gpac -i video.264:options -i audio_en.264:options -i audio_fr.264:options cecrypt:cfile=DRM.xml -o result.mp4

In both cases, we still use temporary storage for the final file interleaving. So let's add fragmentation to avoid this:

MP4Box -add video.264:options -add audio_en.264:options -add audio_fr.264:options -frag 100 -crypt DRM.xml -new result.mp4
We got rid of the temporary storage due do file interleaving, but we still need an intermediate file to store the import result.

gpac -i video.264:options -i audio_en.264:options -i audio_fr.264:options cecrypt:cfile=DRM.xml -o result.mp4:frag:cdur=100
We use no longer use temporary storage.

Note that these two are strictly equivalent in terms of processing:

MP4Box -add video.264:options -add audio_en.264:options -add audio_fr.264:options -newfs result.mp4
gpac -i video.264:options -i audio_en.264:options -i audio_fr.264:options -o result.mp4

MP4Box and filters

The track import syntax and the dashing syntax may be combined with filter declarations, as discussed here. They are however restricted as follows:

  • for importing, the destination format is always ISOBMFF
  • the filter chain described is fairly simple, going from source to destination (mp4mx or dasher filters) without any possible branch in-between.

For example:

source_vid -> rescale -> encode1 \
                      -> encode2 -> dasher
                      -> encode3 /
This cannot be described using MP4Box, this must be converted into something like:
source_vid -> rescale -> encode1 -> dasher
source_vid -> rescale -> encode2 /
source_vid -> rescale -> encode3 /

The syntax will be:

MP4Box -dash 2000 video.264:@ffsws:osize=1280x720:@enc:c=avc:fintra=2:b=4m:@@ffsws:osize=1280x720:@enc:c=avc:fintra=2:b=2m:@@ffsws:osize=1280x720:@enc:c=avc:fintra=2:b=1m -out result.mp4

This will work as expected, but with three rescaler filters doing all the same thing (and a heavy syntax).

Using gpac, this is much simpler

gpac -i video.264 ffsws:osize=1280x720 --fintra=2 enc:c=avc:b=4m @@1 enc:c=avc:b=2m @@1 enc:c=avc:b=1m -o result.mp4

MP4Box and live sources

MP4Box is not designed to deal with live sources and its processing cannot be interrupted.

On the other hand, gpac can be interrupted using ctrl+c and the current session flushed to save the results of what has been done so far.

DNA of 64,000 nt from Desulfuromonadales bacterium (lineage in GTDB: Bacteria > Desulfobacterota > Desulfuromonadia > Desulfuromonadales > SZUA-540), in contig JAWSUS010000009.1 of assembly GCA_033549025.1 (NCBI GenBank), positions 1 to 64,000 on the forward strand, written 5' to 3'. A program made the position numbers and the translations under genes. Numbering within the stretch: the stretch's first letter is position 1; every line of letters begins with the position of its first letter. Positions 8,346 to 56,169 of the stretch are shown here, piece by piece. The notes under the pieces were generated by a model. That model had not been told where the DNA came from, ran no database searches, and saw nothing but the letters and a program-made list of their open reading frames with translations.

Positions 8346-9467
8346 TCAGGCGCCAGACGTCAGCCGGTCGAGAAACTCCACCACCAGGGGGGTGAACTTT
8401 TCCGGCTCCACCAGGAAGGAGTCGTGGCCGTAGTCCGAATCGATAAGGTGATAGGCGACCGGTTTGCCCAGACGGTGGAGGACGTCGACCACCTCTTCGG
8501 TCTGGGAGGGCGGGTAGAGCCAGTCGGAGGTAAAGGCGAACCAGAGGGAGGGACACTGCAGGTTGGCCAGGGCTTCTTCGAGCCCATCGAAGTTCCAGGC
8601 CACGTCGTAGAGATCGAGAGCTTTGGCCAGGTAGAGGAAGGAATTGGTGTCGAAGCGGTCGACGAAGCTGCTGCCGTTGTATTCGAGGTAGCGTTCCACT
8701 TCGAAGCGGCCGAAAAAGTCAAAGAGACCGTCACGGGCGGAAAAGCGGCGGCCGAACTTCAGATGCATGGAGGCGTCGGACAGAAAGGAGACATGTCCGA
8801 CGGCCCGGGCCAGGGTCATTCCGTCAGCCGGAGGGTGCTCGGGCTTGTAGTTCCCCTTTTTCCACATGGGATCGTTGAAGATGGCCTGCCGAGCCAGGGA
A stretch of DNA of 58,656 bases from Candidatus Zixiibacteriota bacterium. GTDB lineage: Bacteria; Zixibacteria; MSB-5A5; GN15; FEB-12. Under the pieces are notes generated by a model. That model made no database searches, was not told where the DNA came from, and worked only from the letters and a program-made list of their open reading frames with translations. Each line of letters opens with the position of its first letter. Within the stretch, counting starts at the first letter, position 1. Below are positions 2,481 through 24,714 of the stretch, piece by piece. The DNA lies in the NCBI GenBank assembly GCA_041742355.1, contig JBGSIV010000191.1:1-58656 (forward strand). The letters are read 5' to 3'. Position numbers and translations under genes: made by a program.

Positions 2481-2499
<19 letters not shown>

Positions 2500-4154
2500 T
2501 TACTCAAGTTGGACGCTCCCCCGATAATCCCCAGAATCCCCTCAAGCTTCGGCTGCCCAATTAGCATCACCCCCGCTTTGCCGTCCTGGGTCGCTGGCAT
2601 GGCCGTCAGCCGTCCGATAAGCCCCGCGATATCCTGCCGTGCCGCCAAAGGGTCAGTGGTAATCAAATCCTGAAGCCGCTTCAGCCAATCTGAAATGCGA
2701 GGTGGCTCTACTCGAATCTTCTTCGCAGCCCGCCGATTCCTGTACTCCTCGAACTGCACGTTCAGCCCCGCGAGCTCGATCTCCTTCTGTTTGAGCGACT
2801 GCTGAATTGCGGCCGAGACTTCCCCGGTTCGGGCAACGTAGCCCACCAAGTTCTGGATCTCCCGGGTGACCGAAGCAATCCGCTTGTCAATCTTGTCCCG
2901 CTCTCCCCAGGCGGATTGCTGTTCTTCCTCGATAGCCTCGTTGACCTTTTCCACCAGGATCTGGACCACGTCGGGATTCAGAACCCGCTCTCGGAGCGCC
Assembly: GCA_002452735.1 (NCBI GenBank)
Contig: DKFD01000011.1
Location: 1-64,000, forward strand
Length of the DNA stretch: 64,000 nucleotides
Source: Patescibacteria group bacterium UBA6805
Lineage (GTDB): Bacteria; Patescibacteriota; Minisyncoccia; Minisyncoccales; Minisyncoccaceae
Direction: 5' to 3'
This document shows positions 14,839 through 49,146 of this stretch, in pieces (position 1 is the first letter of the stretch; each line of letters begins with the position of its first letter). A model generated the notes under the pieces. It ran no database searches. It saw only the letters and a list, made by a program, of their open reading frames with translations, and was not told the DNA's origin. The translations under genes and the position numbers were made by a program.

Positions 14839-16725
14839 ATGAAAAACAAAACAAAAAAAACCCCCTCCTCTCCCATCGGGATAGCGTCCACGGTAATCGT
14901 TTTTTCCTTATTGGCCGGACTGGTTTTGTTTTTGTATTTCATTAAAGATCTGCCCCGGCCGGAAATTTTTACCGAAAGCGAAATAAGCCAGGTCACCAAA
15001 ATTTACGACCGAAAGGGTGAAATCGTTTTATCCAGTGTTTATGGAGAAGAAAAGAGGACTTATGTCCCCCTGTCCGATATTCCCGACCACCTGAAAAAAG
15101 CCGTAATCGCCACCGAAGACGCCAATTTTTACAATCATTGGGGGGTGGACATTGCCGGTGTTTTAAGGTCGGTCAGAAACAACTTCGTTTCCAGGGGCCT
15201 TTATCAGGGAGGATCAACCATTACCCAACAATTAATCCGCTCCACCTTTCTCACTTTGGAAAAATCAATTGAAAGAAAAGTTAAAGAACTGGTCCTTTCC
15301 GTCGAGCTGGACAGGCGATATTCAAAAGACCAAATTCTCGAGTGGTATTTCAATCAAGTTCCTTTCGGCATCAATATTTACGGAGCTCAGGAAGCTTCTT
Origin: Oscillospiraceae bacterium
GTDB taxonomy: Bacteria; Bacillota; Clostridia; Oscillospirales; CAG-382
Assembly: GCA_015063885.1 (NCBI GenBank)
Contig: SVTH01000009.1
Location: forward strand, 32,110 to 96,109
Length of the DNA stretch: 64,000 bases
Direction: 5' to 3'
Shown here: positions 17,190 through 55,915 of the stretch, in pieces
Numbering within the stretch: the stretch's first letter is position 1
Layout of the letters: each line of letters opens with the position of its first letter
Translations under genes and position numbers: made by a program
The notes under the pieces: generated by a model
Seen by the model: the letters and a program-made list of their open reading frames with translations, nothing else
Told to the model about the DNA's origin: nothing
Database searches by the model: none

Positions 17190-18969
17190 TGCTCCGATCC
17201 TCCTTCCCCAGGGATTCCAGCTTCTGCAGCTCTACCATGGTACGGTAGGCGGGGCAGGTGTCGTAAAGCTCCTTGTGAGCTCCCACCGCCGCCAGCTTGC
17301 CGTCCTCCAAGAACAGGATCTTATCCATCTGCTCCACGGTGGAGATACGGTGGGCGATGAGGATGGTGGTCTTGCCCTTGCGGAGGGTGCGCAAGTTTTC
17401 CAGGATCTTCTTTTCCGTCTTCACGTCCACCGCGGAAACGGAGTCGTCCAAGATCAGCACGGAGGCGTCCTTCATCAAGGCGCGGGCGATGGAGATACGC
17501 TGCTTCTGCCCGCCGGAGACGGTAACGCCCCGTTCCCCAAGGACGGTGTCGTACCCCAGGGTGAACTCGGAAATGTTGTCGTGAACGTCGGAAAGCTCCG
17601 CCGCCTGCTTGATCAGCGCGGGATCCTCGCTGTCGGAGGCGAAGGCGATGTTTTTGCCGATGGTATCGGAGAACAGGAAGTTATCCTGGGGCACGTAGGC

gpac, not MP4Box

You should use gpac rather than MP4Box in the following cases:

  • sources are either live or simulate live (running forever)
  • outputs are not local files: HTTP output, RTSP server, ROUTE output, etc...
  • there are many filters manually specified in the pipeline
  • monitoring of the filter session (gpac -r)
  • the MP4Box pipeline combines several filter-session related aspects (-dash, -split, -crypt, -add, -frag)
  • need for complex filter graph connections, reusing non-source filters in the graph
  • the pipeline has multiple outputs (e.g. dash/hls and live TS multicast)
  • the pipeline processes an unknown number of streams that must be redirected to different outputs, requiring URL templating.
  • pipeline involves playback or composition, using vout, aout or compositor filters
  • input (live or not) inspection before ISOBMFF packaging
  • remux input(s) without ISOBMFF conversion (e.g. audio + video to MPEG2 TS)
  • distributed processing (using GSF or other formats through pipes, sockets or other means)
  • any other complex use case we never thought of :)

Another good reason to use gpac to test a pipeline is when you plan on using GPAC bindings in Python or NodeJS scripts. - these bindings are indeed very close to gpac logic, and moving from a gpac command line to the bindings is trivial - rewriting an MP4Box pipeline to the bindings will first require rewriting the MP4Box command line as a gpac one.

Check the gpac one-liner page for more examples !